The latest push to revitalise local shopping services has been accused of focusing exclusively on commercial issues, writes Alison Forbes

Imagine a display of bright green apples, gleaming oranges and full florets of broccoli, laid out seductively on pink tissue paper a stones throw from home in a local shop.

A creche is next door, the post office is down the road, and yells of delight can be heard from the nearby school playground.

This is the governments vision of urban shopping for the future. The local shop, it says, will generate a sense of belonging and make people feel part of their community.

Thriving, vibrant shops will provide opportunities for better education, skills and training for local people, better employment opportunities, crime reduction and improvement in health.

Policy action team 13 at the governments social exclusion unit - dubbed PAT13 - lys out, with backing from the Department of Health, to find ways to improve shopping access for people living in deprived neighbourhoods.

Consultation on its document Improving Shopping Access for People in Deprived Neighbourhoods closed on Friday. A final version will contribute to the governments national strategy for neighbourhood renewal.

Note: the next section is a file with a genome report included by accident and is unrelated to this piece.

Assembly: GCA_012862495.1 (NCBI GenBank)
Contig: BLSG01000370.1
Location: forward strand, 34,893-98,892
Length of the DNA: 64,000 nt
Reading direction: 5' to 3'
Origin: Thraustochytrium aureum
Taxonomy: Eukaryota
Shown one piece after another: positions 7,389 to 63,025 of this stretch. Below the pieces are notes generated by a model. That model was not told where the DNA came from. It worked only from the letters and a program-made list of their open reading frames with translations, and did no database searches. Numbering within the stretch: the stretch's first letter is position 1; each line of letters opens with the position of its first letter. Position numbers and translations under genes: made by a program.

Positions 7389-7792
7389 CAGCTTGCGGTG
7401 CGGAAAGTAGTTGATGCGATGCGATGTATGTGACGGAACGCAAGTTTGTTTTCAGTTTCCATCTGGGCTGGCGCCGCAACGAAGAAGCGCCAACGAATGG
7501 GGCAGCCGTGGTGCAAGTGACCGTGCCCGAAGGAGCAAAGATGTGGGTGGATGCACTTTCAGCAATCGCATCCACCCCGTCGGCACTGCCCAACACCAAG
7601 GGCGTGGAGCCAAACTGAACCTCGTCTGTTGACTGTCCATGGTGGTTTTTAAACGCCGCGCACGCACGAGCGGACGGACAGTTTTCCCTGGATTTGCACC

The team found a 40 per cent drop in the number of independent stores between 1986 and 1997, with factors including problems with crime, over - pricing, poor produce and competition from larger stores.

PAT13s goal was to support retail opportunities which provide a range of quality goods at affordable prices, respond to local needs and of fer facilities which are vibrant, viable and sustainable .

It identified five major issues: crime reduction, proactive planning, improving business support for small retailers, easing their business burdens and developing local retail strategies.

So is the vibrant local shop a pipedream? And if not, will it actually improve peoples health?

Dr Kate Ardern, consultant in public health at Liverpool health authority, believes access to shops is only part of the solution. She emphasises the need for a holistic approach, to link food production with retail outlets.

We should encourage locally grown food and projects like farmers markets, which bring food production close to consumers, she says.

Employment opportunities in food production can be used to develop skills which benefit the community.

Its also crucial to change peoples attitudes to food and their eating habits. Corner-shops are lovely, but they are no good if people dont know how to cook. We need to link up with schemes in schools and colleges to increase peoples confidence.

And in Dr Arderns view, the report fails to deal properly with transport. It still does not address the issue of the mum on a council estate who buys crisps and biscuits rather than oranges for her kids because they are lighter to carry.

Paul Timblick, senior policy and research officer in the housing department at east Londons Hackney council, agrees. People on estates in Hackney cannot get to decent shops because of the transport system. This issue still needs to be addressed.